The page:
WASHINGTON — For much of his presidency, President Donald Trump’s greatest political strength was a robust economy — and now his best electoral hope is that it comes back quickly.
But as more devastating jobs reports are released, Trump's recovery plan largely amounts to optimism that as pandemic restrictions are loosened, the nation's economy will turn the lights back on by itself, according to White House officials and the president's advisers.
Inside the West Wing, Trump is reticent to pursue a new stimulus package and confident about a revival even as economists and the Federal Reserve chairman push the president and Congress to spend more to address the economic carnage, according to these people.
They said conservatives are urging Trump to hold off on providing relief to states that have been battered by the coronavirus pandemic and telling him to instead focus on securing tax breaks for businesses, reducing regulations and fighting his trade war with China.
And Trump is increasingly irate and dismissive of working with Democrats in Congress and in state capitols because they have sharply criticized him for his response to the pandemic and his handling of mass protests following the killing of a black man, George Floyd, by a white police officer in Minneapolis.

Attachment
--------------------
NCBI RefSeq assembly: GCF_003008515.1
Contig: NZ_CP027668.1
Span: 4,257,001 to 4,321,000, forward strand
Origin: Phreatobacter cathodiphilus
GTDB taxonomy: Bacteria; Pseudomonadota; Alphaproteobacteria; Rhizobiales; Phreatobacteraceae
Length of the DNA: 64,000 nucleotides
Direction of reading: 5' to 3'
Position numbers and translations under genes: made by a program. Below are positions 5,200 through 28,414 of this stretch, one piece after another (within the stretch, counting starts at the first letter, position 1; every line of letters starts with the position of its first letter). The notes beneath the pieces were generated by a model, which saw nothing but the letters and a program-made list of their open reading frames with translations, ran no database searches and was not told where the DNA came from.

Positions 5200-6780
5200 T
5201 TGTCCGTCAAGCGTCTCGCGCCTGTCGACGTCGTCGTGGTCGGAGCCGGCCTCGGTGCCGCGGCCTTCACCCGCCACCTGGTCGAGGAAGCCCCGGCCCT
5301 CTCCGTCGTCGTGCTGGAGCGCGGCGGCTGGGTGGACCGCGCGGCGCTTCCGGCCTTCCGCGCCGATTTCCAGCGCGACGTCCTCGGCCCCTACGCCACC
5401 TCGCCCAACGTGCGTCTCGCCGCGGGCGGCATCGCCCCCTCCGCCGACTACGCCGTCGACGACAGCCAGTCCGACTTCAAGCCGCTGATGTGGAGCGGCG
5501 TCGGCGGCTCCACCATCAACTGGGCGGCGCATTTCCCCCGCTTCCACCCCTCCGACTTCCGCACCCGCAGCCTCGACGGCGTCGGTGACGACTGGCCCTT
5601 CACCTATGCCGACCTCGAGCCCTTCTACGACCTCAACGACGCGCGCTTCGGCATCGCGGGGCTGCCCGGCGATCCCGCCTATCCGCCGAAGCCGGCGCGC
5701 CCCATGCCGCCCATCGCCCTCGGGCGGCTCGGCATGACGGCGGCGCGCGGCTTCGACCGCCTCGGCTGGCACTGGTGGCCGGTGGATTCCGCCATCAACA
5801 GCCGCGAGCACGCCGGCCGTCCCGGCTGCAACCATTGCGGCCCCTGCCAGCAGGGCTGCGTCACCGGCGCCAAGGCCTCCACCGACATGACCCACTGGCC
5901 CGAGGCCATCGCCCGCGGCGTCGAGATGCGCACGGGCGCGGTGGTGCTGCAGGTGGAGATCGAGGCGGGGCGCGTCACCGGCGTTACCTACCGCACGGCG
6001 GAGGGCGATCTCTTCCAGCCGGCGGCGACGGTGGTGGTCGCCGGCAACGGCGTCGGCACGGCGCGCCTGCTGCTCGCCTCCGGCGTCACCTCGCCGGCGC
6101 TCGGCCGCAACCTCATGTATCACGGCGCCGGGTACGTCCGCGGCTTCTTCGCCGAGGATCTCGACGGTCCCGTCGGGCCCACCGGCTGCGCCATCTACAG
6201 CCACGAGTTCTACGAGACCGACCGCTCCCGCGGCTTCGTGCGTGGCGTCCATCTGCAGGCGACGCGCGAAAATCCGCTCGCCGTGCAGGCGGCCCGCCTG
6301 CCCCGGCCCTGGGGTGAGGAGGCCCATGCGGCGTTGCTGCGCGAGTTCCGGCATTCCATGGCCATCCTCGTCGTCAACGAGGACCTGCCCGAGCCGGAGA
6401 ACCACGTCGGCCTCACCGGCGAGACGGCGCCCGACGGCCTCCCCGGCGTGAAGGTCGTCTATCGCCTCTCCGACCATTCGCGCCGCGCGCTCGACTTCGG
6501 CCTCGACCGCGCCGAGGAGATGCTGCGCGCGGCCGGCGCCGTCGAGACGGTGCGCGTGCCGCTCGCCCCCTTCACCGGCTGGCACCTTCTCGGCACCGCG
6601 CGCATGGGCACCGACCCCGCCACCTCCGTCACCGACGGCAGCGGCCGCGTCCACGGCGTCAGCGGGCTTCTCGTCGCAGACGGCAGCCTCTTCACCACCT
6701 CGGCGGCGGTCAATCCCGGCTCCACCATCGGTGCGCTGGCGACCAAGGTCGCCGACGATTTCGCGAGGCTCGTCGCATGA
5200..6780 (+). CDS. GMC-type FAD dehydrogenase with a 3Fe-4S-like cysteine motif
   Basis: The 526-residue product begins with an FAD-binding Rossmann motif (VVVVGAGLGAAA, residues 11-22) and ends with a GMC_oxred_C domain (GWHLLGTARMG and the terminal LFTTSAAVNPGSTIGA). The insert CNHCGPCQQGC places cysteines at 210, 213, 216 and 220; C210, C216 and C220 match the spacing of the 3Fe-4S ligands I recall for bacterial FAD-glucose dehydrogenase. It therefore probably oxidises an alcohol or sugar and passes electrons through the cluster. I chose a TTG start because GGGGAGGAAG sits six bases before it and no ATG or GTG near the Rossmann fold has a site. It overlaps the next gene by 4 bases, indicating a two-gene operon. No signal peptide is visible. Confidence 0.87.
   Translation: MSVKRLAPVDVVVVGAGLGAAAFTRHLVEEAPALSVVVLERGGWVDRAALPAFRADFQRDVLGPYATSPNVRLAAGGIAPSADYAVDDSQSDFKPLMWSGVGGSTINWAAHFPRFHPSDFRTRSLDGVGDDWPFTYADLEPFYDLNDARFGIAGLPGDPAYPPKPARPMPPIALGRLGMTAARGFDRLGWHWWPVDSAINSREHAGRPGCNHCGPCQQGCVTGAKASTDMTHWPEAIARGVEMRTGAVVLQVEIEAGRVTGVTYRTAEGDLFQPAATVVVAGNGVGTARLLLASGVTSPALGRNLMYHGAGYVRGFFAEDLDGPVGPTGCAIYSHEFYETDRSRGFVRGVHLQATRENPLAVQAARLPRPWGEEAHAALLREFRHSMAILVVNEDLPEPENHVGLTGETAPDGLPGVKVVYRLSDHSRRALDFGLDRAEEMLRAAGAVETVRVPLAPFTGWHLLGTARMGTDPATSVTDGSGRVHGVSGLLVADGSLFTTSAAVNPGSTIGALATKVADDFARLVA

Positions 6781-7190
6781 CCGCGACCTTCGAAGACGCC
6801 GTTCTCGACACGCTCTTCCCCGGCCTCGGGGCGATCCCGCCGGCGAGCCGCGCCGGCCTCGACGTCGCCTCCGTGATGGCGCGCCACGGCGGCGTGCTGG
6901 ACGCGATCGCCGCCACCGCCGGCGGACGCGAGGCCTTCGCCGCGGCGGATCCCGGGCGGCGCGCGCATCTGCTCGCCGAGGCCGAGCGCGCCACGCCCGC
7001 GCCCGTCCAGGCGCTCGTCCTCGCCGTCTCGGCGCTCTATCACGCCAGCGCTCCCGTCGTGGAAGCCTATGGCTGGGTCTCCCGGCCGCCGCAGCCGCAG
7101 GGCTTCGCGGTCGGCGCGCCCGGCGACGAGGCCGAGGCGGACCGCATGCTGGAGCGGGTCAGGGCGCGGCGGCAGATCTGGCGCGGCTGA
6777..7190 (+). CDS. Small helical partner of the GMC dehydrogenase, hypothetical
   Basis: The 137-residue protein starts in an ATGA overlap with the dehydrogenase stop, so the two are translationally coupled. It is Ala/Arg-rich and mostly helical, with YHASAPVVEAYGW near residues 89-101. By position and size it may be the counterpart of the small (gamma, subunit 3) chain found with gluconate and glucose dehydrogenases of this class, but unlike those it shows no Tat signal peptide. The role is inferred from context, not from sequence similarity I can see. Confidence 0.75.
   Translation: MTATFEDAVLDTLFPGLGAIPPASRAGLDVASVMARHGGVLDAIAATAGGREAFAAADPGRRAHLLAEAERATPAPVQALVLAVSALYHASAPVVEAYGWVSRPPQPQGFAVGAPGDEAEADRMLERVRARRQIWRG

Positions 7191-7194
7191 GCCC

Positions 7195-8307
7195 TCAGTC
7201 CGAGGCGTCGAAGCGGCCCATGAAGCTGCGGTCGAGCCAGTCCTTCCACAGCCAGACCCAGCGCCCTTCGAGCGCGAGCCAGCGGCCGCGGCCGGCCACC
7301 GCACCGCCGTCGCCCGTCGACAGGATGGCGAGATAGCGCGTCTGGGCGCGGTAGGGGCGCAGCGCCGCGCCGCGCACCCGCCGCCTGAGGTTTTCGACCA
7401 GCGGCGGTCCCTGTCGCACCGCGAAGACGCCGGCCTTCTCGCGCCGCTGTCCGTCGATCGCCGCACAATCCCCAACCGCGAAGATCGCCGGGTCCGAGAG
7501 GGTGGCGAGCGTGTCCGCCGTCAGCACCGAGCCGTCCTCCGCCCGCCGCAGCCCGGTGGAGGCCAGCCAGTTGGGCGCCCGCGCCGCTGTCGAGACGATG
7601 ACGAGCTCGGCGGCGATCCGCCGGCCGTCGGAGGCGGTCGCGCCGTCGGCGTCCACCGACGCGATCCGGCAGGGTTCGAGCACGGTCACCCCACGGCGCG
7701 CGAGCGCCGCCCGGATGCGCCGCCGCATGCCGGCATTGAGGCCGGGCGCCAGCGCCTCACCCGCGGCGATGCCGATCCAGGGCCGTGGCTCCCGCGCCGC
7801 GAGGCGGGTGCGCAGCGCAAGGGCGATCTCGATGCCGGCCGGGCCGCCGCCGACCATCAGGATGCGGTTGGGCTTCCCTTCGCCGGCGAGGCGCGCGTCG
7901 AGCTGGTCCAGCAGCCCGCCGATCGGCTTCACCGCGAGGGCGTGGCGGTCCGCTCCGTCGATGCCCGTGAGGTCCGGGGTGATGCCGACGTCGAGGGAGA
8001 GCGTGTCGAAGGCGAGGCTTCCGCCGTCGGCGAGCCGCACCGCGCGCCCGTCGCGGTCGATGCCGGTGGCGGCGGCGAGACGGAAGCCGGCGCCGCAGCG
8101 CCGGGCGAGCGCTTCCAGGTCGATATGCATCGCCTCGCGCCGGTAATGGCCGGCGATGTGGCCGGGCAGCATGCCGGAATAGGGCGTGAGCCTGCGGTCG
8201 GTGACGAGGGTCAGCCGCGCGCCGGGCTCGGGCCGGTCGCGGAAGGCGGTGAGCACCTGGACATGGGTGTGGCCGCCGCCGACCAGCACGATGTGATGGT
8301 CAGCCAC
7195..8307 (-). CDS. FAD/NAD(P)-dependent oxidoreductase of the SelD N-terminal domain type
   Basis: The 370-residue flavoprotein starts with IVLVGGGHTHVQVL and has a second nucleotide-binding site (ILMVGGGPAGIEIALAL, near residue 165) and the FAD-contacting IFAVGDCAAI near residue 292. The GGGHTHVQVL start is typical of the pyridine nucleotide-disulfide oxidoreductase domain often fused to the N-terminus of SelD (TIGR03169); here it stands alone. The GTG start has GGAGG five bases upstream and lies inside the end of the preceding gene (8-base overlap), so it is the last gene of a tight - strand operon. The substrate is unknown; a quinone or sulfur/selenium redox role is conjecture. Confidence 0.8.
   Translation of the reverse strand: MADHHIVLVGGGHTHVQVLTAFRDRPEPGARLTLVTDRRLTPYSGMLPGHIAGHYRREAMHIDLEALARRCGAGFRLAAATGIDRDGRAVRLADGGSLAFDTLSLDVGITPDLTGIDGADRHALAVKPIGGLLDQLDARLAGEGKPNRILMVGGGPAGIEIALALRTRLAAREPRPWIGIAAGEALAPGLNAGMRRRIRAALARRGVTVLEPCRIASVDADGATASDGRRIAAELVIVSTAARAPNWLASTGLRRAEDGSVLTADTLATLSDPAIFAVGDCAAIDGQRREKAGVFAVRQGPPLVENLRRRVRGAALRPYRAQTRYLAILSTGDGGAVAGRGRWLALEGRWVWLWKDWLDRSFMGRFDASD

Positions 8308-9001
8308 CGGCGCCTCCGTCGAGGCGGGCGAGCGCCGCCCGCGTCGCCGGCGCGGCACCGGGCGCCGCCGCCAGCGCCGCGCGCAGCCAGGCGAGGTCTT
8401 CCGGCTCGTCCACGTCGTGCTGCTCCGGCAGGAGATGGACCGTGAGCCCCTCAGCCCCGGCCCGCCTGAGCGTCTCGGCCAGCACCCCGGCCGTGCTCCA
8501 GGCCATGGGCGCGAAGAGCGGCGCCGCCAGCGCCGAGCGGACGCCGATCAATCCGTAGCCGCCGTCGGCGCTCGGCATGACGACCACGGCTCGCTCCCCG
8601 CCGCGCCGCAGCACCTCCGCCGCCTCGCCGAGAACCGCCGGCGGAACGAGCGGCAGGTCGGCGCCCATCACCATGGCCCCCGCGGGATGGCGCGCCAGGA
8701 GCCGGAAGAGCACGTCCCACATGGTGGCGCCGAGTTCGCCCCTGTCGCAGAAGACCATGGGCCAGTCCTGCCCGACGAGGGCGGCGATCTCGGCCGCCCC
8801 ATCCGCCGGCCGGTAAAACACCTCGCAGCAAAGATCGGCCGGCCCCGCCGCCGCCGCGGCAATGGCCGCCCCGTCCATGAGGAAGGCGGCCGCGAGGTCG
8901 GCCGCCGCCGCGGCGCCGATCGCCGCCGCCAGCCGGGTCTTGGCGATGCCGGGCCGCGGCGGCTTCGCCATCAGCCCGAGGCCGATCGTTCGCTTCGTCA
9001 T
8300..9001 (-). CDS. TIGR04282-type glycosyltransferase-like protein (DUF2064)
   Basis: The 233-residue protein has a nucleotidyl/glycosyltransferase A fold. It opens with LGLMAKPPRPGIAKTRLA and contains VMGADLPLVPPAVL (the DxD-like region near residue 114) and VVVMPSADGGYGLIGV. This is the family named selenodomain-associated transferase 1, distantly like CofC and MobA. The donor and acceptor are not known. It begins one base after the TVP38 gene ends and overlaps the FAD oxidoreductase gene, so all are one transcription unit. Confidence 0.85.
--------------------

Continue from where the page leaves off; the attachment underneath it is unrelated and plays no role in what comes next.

"I feel more and more confident that our economy is in the early stages of coming back very strong," Trump tweeted this week. "Not everyone agrees with me, but I have little doubt." He added, "Look at the Stock Market NOW!"
Just months ahead of this year's elections, Trump's approach amounts to a high-risk strategy that has Republicans on edge and economists alarmed that the administration could be caught flat-footed if the economy does not bounce back swiftly.
Still, Trump's commitment to this strategy is privately seen as soft and pliable, both among his aides and his allies on Capitol Hill, who are already preparing for the president to suddenly shift toward another stimulus package if the economic pressure mounts and his polling numbers keep slipping against former vice president Joe Biden, the presumptive Democratic presidential nominee.
"He could go from saying 'I'll do nothing more' to saying 'I'll do $1 trillion more' in a second if he thinks it helps him with beating Biden," said a longtime Trump adviser who, like others, spoke on the condition of anonymity to share their views and discussions with the president.
There are calls from a few Republicans for Trump to seize the moment and embrace more government spending and cast himself as a jobs president who is using all available tools to keep Americans financially stable.